"Liturgical Life in Leipzig" (great book)shows that 200 plus years after Blesseed Martin, the Eucharist, Sermon and Cantata were alive and well each Lord's Day.
"The Order of Morning Service without Communion as generations grew up knowing in The Lutheran Hymnal represents not only a disconnect with early Church practice but a foreign and alien identity for Lutheran confession and theology as well."
That was the big hiccup with TLH, which adopted so much of the Book of Commom Prayer which resulted in the Anglican/Episcopalian service of Morning Prayer without Holy Communion.
Excellent argument Vicar Josh!
I'm not arguing for any set manner of frequency of reception, or of offering. I'm against "setting" any of them, in the sense that doing otherwise is less than Lutheran. If a parish wants weekly, every other week, or quarterly Communion, fine. It's when it becomes a badge of authentic Lutheranism that I get off the boat.
Even earlier in my lifetime, there were those who could remember frequent Communion as a novelty, and I'm talking RC here, where it was offered every damn day. This issue did not originate with Lutheranism nor is it unique to it. Frequency of offering and frequency of receiving do not, and historically have not, followed each other.
There is no sense in quibbling about this. Simply offer Divine Service each Sunday because the flock is in need of it and will receive it with joy and gladness. What a blessing to have the weekly Eucharist!
Terry: Thank you for addressing me as "Vicar." It made me realize that my Blogger profile was a couple of years out of date. It's been properly updated.
It's hard to deny weekly Communion as being a mark of true Lutheranism. This is what the Christians in Acts 2 were doing. This is what the catholic and orthodox fathers did. This is what the Lutheran fathers did. But now in Lutheranism in America we have decided that it's okay to offer it less frequently? That's a very serious disconnect. It goes against the model established by Scripture, the Confessions, and the writings of the fathers. How can a Lutheran claim the title of "Lutheran" while rejecting the practice of not just Lutherans but also of the whole catholic and orthodox tradition?
Just because it is offered it does not have to be received. But it must be offered before it can be received. And if it's not offered, then no one can receive it.
So Lutherans offer it every Lord's day, every feast day, and as often as the people ask for it.
"How can a Lutheran claim the title of "Lutheran" while rejecting the practice of not just Lutherans but also of the whole catholic and orthodox tradition?"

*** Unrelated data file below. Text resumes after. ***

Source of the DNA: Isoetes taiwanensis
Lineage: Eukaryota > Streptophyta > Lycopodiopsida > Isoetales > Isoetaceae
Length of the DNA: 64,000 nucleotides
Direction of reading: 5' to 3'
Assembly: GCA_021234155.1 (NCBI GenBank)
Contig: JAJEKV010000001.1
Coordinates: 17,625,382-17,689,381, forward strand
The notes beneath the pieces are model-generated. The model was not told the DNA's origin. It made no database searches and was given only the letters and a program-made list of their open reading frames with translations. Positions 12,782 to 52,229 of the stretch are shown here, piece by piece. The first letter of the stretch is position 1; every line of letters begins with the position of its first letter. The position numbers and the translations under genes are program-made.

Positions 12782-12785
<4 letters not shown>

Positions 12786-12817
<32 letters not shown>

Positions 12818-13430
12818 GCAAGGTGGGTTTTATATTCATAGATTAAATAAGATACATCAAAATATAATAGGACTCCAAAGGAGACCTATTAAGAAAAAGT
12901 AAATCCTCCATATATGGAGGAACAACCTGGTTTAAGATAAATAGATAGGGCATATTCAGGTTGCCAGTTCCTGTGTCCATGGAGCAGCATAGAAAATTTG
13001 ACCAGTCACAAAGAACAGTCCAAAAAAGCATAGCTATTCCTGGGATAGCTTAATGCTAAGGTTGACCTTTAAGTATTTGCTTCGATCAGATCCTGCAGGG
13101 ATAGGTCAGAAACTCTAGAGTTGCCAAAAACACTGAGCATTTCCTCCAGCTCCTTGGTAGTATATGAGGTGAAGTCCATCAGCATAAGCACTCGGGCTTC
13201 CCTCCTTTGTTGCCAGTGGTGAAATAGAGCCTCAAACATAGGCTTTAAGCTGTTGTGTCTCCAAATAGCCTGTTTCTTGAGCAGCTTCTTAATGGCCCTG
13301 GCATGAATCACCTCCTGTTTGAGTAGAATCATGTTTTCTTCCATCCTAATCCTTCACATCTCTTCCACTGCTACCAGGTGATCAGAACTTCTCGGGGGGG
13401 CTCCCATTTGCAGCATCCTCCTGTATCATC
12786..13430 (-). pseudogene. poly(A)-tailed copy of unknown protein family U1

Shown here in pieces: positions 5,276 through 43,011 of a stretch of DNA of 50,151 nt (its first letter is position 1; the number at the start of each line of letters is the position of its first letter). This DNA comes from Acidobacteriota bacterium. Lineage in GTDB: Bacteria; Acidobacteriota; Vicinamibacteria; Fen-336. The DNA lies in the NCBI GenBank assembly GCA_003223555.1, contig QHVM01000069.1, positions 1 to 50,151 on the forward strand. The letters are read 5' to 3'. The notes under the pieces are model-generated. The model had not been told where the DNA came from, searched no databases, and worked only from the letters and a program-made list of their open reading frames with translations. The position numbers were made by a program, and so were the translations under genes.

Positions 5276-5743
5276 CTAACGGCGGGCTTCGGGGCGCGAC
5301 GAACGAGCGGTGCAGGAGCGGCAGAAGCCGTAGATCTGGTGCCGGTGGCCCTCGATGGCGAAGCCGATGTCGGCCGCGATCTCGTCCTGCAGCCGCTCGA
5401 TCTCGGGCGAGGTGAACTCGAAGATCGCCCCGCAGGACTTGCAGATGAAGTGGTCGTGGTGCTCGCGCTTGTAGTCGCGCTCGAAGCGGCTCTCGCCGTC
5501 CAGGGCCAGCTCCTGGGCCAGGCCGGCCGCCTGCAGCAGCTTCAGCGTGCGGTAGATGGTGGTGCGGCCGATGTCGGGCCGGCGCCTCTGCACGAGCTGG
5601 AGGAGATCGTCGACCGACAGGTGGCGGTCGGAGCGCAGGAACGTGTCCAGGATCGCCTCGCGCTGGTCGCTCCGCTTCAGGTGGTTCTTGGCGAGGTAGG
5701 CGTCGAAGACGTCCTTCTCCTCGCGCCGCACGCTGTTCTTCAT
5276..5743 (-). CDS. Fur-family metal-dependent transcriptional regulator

Good point. Those are the marks of a sect. We American Lutherans sometimes have a bit of tunnel vision thinking that the way it's done here is the way it was always done.
Amen. Just offer it as frequently as possible. There is no need to withhold the body and blood. Preach, teach, and administer. That is the way of Lutheranism. When you come to the end of your life you will never regret having received the Sacrament frequently, but you will regret not doing so.
Pastor Lucas has some great questions. I'll do what I can to answer them.
The liturgical prescriptions in the early Lutheran church orders typically had a rubric after the sermon saying something like "If there are no communicants, the service is concluded with [a prayer, a hymn, and the blessing]." So the communion portion of the service wouldn't have been started at all.
How did pastor know there would be no communicants? Because Lutherans generally required communicants to attend private confession after Vespers the previous evening (although those living far from the church might go to confession early on Sunday so they wouldn't have to make two trips). If no one came to confession, then there were no communicants. The practice had the added advantage of letting the pastor know exactly how much bread and wine to consecrate so there would be no Body and Blood of Christ left over.
Historical records show that the number of communicants varied quite a lot from place to place. In Leipzig during Bach's day (early 18th century), there were so many communicants that confessional stations had to be set up all around the rather large church, and people would line up for confession from early Saturday morning right until Vespers. Such a large attendance presented a problem with the main service, which started at 7:00; namely, getting out in time for the noon service to start. That was because communion distribution could take up to three hours. But in other places, especially rural churches, it was apparently common for there to be no communicants. The church orders generally provided that in such instances pastors were to exhort the people from the pulpit to commune more frequently.
It's not hard to see, though, why people didn't commune all that often. First, there was the obligation to go to confession before communing. Luther didn't insist on it every time, but most churches that followed his teachings did. Second, before the Reformation, most people communed only once a year, at Easter. Mass was held every week (and during the week), but usually only the priest communed. So communing, say, four times per year would have been a large increase in the frequency of reception.
The Lutheran Service Book contains the rubric "If there is no communion, the service concludes with, etc." Early Lutherans would have been surprised at the notion that a church could plan not to offer communion. I suggested to the committee preparing the liturgy for LSB that they adopt the early Lutheran formula "If there are no communicants," because that would suggest that a noncommunion service is an exception rather than the rule, but it didn't happen.